Feiner v. New York

340 U.S. 315 (1951)

Quick Summary

Irving Feiner (defendant) was convicted in Syracuse, New York (plaintiff), for disorderly conduct following a provocative public speech. The dispute centered around whether Feiner’s arrest violated his constitutional rights to free speech.

The issue before the United States Supreme Court was whether this conviction infringed upon Feiner’s First and Fourteenth Amendment rights. The Court concluded that maintaining public order justified Feiner’s arrest and upheld his conviction, asserting that public safety concerns did not violate his free speech protections.

Facts of the Case

Irving Feiner (defendant) was convicted under New York’s disorderly conduct laws after making a provocative speech that addressed a racially mixed crowd. Feiner’s speech included critical comments about President Truman and other political figures, and he advocated for African Americans to ‘rise up in arms’ for equal rights.

The situation escalated when the police, after receiving a complaint and observing the crowd, asked Feiner to stop speaking multiple times. Feiner refused, leading to his arrest.

The State of New York (plaintiff) pursued the case, asserting that Feiner’s conduct and failure to obey police orders warranted the misdemeanor charge. Feiner contested his conviction, claiming it infringed upon his First and Fourteenth Amendment rights. The conviction was upheld by the New York Court of Appeals before reaching the United States Supreme Court.

Procedural Posture and History

  1. Feiner was convicted of disorderly conduct by the Court of Special Sessions of the City of Syracuse.
  2. The Onondaga County Court affirmed the conviction.
  3. The New York Court of Appeals also affirmed the conviction.
  4. Feiner appealed to the United States Supreme Court, claiming a violation of his constitutional rights.

I.R.A.C. Format

Issue

Whether Feiner’s conviction for disorderly conduct violated his First and Fourteenth Amendment rights to free speech.

Rule of Law

The rule applied by the Court is that speech likely to produce violence or breach of peace can be restricted. The State has the power to prevent or punish actions posing a clear and present danger to public safety, peace, or order.

Reasoning and Analysis

The Supreme Court conducted an independent review of evidence to determine whether Feiner’s free speech rights were violated. The Court found that the police officers acted with proper discretion in attempting to prevent a breach of peace during Feiner’s speech.

The trial judge, supported by appellate courts, concluded that the police were justified in their actions due to the potential for violence and unrest incited by Feiner’s speech.

The Supreme Court emphasized the State’s interest in maintaining order on public streets and recognized that while free speech is protected, it does not extend to inciting riot or violence. The Court determined that Feiner’s arrest was not for the content of his speech but for the actual response it provoked in the audience.

Conclusion

The Supreme Court affirmed the conviction, ruling that Feiner’s arrest was constitutional as it was based on valid concerns for public safety and did not infringe upon his free speech rights.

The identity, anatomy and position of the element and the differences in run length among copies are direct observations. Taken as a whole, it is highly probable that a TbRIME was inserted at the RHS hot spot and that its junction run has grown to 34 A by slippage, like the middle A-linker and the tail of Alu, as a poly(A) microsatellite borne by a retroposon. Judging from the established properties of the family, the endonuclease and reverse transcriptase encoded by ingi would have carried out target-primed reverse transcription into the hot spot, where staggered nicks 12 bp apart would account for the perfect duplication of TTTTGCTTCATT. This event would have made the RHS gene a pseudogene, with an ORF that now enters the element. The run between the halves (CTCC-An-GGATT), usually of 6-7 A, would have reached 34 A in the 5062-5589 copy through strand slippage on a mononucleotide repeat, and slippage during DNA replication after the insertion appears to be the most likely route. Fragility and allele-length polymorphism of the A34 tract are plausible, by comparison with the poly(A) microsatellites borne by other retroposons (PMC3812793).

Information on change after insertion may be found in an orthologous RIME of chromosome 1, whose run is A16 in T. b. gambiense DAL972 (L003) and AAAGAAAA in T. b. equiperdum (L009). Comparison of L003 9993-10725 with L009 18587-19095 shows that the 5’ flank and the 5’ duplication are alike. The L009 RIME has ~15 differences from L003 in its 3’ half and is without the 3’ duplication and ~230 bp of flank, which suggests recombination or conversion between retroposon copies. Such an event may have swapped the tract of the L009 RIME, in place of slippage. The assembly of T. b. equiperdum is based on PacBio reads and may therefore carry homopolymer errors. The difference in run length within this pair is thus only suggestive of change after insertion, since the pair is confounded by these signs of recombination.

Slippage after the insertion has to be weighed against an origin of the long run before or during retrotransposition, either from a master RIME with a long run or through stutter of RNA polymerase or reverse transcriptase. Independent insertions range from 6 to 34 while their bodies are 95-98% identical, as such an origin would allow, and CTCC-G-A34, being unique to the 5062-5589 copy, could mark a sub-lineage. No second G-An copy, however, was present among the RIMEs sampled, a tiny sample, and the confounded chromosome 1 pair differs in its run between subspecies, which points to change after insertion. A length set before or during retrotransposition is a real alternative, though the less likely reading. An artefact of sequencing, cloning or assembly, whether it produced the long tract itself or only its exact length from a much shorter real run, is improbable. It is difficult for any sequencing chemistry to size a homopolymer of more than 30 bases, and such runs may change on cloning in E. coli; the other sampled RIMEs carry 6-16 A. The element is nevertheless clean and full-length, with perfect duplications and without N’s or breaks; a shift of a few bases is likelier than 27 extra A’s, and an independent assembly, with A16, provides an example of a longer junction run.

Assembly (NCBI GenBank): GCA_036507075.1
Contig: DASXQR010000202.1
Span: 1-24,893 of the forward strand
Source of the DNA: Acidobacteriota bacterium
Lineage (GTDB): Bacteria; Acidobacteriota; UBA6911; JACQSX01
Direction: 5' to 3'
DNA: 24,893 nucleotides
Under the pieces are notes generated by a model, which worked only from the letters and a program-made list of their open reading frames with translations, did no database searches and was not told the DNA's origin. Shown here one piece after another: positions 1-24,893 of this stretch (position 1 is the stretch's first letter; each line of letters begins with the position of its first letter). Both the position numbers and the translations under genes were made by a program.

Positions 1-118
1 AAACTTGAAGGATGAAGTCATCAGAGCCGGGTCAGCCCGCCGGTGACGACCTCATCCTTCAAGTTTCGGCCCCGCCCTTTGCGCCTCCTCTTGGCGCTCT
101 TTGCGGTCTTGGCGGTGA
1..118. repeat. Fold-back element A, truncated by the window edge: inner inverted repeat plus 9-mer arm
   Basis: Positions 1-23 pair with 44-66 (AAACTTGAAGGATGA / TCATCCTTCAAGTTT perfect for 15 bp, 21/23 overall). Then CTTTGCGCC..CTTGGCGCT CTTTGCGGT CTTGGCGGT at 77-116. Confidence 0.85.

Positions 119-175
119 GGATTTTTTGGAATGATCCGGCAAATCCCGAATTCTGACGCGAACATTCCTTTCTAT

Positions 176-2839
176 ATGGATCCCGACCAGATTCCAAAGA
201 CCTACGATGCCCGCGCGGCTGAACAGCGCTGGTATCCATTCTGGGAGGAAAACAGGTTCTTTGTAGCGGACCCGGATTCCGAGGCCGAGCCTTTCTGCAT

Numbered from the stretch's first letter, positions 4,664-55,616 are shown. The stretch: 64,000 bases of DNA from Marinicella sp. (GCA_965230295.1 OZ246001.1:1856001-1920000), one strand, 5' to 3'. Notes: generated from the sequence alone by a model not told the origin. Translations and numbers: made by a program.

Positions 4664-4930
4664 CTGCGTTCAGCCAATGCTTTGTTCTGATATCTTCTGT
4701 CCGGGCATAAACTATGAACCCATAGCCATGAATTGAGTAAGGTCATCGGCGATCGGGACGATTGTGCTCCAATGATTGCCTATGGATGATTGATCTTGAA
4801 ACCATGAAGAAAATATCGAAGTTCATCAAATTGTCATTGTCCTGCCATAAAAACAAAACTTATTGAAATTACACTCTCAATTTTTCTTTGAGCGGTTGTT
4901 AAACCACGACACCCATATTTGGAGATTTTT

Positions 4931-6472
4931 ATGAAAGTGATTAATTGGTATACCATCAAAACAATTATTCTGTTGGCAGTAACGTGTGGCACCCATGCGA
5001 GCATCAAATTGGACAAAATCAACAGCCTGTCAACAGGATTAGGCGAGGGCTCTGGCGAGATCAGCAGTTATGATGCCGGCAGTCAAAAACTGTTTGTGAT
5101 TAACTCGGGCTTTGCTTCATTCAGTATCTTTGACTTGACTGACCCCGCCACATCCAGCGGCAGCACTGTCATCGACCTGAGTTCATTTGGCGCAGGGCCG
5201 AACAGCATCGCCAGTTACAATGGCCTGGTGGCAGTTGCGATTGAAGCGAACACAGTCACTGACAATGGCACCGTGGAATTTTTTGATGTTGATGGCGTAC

Dissenting Opinions

Justice Black dissented, arguing that Feiner was convicted for expressing unpopular views and that the majority’s decision effectively allows police censorship of free speech. Justice Douglas, joined by Justice Minton, also dissented, maintaining that police should protect speakers at public assemblies rather than silence them.

Key Takeaways

  1. The Supreme Court affirms states’ power to restrict speech that may incite violence or breach peace.
  2. Protection of public safety can outweigh an individual’s right to free speech in situations where there is a clear and present danger.
  3. The Supreme Court will independently review evidence when constitutional rights are at stake.
  4. Dissenting opinions highlight the tension between maintaining public order and protecting freedom of speech.

Relevant FAQs of this case

What constitutes a 'clear and present danger' that could justify the restriction of free speech?

A ‘clear and present danger’ exists when speech is directed to inciting or producing imminent lawless action and is likely to incite or produce such action. Courts must balance the interests of free speech against the need for public order.

  • For example: Yelling ‘fire’ in a crowded theater when there is no fire, causing a panic, would constitute such a danger.

How does prior restraint contrast with subsequent punishment in the context of free speech laws?

Prior restraint refers to government actions that prevent speech from occurring in the first place, often viewed with particular skepticism by courts. Subsequent punishment, like in Feiner’s case, deals with penalties after the speech has occurred.

  • For example: A city ordinance requiring a permit for public demonstrations could result in prior restraint if used to block specific viewpoints, whereas arresting a speaker after inciting violence is subsequent punishment.

In what situations can law enforcement officers lawfully intervene in public assemblies without violating First Amendment rights?

Law enforcement can intervene to maintain public safety, prevent disorder, or protect rights of others when there is objective evidence suggesting an imminent threat or breach of peace.

  • For example: If a protest blocks emergency vehicle access, police may disperse the crowd to ensure public safety.

References

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